On October 8, 1970 at 2010 HRS, a U.S. Navy Lockheed Constellation C-121 ( BuNo 131644) named “Pegasus” of VX-6 at NAS Quonset Point, crashed while making a landing approach to McMurdo station in Antarctica.
After making six low passes over the field, the C-121J attempted to land in zero visibility, winds gusting to 40 mph in a snowstorm and in 90-degree crosswinds. The crew was unable to locate the runway. During a second attempt to land in zero visibility due to blowing snow, the Captain failed to realize his altitude was too low when the right main gear struck a snowbank and was torn off. The right wing was also torn off and the airplane crashed.
Of the 12 crew and 80 passengers, there were no deaths.
The wreck was left in place on over the years can still be seen when it’s not completely covered in snow.
4 JAN, 2017, MINOT AIR FORCE BASE, N.D. — A Boeing B-52H Stratofortress (61-0001) of the 23rd Bomb Squadron, 5th Bomb Wing based at Minot AFB, North Dakota suffered an inflight mishap when the number three engine dropped off during a training flight on Wednesday, the Air Force has confirmed following questions from Defense News.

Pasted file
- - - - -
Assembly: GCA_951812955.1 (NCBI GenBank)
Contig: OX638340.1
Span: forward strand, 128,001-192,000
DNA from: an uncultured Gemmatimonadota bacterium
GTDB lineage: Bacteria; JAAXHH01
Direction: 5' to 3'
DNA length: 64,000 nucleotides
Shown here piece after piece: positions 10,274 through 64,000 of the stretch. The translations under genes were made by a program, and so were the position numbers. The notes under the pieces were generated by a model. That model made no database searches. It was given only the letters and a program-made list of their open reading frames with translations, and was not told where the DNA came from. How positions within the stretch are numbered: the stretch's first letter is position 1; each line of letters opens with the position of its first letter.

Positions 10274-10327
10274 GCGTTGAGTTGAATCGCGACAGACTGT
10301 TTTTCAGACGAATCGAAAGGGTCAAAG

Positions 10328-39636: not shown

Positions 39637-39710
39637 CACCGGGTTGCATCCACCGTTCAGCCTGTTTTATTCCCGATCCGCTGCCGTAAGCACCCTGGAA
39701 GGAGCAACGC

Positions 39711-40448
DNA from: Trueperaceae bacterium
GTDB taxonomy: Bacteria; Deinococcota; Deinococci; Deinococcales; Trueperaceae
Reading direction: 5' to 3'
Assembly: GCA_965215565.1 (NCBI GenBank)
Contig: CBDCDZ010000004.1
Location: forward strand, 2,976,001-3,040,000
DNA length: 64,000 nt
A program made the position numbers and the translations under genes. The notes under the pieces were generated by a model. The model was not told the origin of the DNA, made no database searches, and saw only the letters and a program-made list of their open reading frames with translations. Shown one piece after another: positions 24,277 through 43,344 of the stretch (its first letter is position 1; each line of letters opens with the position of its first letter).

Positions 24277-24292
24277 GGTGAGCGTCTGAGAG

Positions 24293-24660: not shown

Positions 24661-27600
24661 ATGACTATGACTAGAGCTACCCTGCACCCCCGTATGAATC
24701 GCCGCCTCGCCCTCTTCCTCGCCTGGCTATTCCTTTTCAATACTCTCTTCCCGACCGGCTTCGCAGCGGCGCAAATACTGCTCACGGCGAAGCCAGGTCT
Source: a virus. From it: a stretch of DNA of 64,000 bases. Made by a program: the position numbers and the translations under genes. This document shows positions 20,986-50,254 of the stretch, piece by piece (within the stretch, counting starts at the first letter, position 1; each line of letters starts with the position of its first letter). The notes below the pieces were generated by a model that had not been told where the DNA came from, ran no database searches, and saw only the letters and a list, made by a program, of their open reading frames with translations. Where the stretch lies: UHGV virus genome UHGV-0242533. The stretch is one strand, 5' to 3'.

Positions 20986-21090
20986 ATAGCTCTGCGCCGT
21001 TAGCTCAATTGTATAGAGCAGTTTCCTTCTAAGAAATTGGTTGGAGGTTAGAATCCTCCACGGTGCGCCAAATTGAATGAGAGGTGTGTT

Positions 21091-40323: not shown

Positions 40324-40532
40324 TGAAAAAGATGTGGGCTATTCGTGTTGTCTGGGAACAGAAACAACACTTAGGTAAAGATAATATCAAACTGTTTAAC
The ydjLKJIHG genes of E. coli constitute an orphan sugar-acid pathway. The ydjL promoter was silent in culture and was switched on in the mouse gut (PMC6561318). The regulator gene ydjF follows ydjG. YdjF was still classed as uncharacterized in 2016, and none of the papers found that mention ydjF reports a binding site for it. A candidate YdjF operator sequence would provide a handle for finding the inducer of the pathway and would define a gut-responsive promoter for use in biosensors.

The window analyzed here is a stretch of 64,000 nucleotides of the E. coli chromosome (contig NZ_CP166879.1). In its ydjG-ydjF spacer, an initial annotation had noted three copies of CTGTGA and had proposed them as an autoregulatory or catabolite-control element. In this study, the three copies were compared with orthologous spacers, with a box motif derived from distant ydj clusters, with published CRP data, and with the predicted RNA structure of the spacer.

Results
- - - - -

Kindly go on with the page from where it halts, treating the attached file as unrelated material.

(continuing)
Because the B-52 runs on eight Pratt & Whitney TF33-P-3/103 turbofan engines, pilots were able to land the aircraft safely without any injury to the five personnel on board. The Air Force has since dispatched a UH-1N Huey helicopter to recover engine debris, which was found located in an unpopulated area about 25 nautical miles northeast of Minot Air Force Base, an Air Force spokesman said in a statement.
“There were no weapons onboard the B-52 and was conducting a routine training mission,”
Col. Matthew Brooks, commander of the 5th Bomb Wing, part of Air Force Global Strike Command’s Eighth Air Force, created a safety investigation board to determine what caused the mishap .
On 16 JUL, 2018, the Air Force issued it’s report of the mishap. The cause of the mishap was due to the first stage fan disk of the Pratt & Whitney TF33 engine had failed in mid-air and caused the Number Three engine to break off the wing of the bomber.